Every week on Monday morning , the Council and invited guests weigh in at the Watcher’s Forum, short takes on a major issue in the news, the culture or pretty much whatever you could imagine! This week’s question: Is a reasonable solution possible on the upcoming debt ceiling controversy? What do you think such a solution would look like?
Bookworm Room :The only solution I can think of is to cut spending drastically. As that’s not going to happen, I don’t know what else anyone can or should do.
The Noisy Room: I have to agree with Bookworm on this one. There is no reasonable solution left.
The Razor: Afraid I agree with the ladies. A reasonable solution isn’t possible because Obama doesn’t accept we have a spending problem. It’s like expecting an alcoholic to stop drinking when he doesn’t think he has a drinking problem. Unless Obama hits bottom we have to wait until the next president I’m afraid…
Rhymes With Right:Is a reasonable solution possible? Well, I suppose that depends upon what one means by “a reasonable solution”.
If one means a principled solution that actually addresses the underlying issue of the national debt and the deficit that are destroying our economy, I would have to say that there is no possible chance. Obama has declared spending cuts to be off the table and that he will veto any that come his way. Obama’s minions in the Senate will stand by him and call the GOP uncompromising if they do attempt to pass such a principled solution. And the media will, of course, stand with Obama as they always do.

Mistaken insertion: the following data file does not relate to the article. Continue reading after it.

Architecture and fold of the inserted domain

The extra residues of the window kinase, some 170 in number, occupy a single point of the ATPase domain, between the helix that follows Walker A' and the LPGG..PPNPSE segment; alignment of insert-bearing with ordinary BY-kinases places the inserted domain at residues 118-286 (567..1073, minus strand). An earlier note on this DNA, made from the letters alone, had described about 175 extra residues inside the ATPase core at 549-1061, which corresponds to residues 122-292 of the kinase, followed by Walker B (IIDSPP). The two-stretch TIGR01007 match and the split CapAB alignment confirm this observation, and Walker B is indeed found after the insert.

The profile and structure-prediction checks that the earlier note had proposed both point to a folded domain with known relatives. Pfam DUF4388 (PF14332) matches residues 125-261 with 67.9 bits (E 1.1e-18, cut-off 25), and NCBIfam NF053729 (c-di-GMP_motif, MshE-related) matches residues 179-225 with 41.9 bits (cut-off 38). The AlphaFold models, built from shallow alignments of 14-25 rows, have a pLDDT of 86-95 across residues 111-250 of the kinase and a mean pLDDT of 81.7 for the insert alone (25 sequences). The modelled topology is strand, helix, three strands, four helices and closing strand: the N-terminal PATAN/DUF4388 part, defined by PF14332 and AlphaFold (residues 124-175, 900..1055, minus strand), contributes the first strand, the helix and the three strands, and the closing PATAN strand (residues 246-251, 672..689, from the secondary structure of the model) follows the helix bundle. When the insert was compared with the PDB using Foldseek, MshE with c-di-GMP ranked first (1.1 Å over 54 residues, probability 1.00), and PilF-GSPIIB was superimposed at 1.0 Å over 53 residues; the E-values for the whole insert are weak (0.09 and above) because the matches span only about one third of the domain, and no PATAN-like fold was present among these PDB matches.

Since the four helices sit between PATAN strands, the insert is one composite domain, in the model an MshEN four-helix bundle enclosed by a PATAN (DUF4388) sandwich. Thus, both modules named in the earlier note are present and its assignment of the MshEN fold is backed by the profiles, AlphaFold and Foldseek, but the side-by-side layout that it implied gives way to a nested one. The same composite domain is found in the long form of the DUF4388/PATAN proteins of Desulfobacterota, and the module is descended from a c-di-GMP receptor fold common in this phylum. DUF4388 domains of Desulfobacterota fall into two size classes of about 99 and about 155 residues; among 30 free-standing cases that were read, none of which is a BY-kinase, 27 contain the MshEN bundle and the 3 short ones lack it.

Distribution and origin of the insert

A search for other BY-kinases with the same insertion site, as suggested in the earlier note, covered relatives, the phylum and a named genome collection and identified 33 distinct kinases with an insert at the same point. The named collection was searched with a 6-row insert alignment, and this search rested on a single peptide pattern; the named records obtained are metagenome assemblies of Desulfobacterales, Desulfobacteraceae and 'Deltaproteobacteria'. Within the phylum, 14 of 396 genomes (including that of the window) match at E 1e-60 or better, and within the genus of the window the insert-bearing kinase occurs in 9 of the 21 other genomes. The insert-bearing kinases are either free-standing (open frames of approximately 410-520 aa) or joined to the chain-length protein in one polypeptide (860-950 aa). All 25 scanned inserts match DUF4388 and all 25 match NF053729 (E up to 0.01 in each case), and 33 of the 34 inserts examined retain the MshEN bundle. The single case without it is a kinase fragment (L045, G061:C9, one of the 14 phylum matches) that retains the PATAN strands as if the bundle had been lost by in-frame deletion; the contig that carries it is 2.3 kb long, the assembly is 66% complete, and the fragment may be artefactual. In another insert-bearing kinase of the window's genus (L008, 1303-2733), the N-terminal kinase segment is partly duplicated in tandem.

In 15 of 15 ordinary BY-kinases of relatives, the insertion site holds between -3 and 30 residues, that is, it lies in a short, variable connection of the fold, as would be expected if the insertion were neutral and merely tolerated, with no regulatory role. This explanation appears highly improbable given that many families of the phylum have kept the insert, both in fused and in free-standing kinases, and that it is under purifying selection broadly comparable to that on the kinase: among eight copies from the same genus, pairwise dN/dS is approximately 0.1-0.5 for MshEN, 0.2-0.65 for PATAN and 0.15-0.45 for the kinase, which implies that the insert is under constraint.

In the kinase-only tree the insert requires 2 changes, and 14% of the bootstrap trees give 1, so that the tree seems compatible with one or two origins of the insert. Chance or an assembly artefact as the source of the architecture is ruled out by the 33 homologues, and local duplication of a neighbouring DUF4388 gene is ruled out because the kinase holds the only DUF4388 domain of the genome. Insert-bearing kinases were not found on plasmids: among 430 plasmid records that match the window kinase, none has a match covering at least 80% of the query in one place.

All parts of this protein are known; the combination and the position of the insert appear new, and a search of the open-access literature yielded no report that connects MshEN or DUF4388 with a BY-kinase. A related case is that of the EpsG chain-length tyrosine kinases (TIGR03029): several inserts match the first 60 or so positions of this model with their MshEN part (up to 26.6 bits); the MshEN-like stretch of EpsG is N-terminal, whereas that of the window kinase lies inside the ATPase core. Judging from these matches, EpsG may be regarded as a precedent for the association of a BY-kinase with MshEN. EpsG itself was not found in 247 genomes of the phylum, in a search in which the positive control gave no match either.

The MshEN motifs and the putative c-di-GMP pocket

On the other hand, a “reasonable solution” in the form of moderate Republicans abandoning all principles and becoming Obama’s political catamites is always a possibility. We’ve seen such subservience in the past, as supposedly conservative Congressman submit to whatever degradation is demanded of them by the Democrats and the press corps. At that point the debt limit will be increased — or perhaps eliminated, and all pretense of the Congress having the primary role in exercising the appropriation and spending power will be gone. The media will consider that solution “reasonable” — and will credit Obama with a political victory while damning the GOP as spinelessly submissive and irredeemably irrelevant. I therefore have no use for such “reasonable solutions”.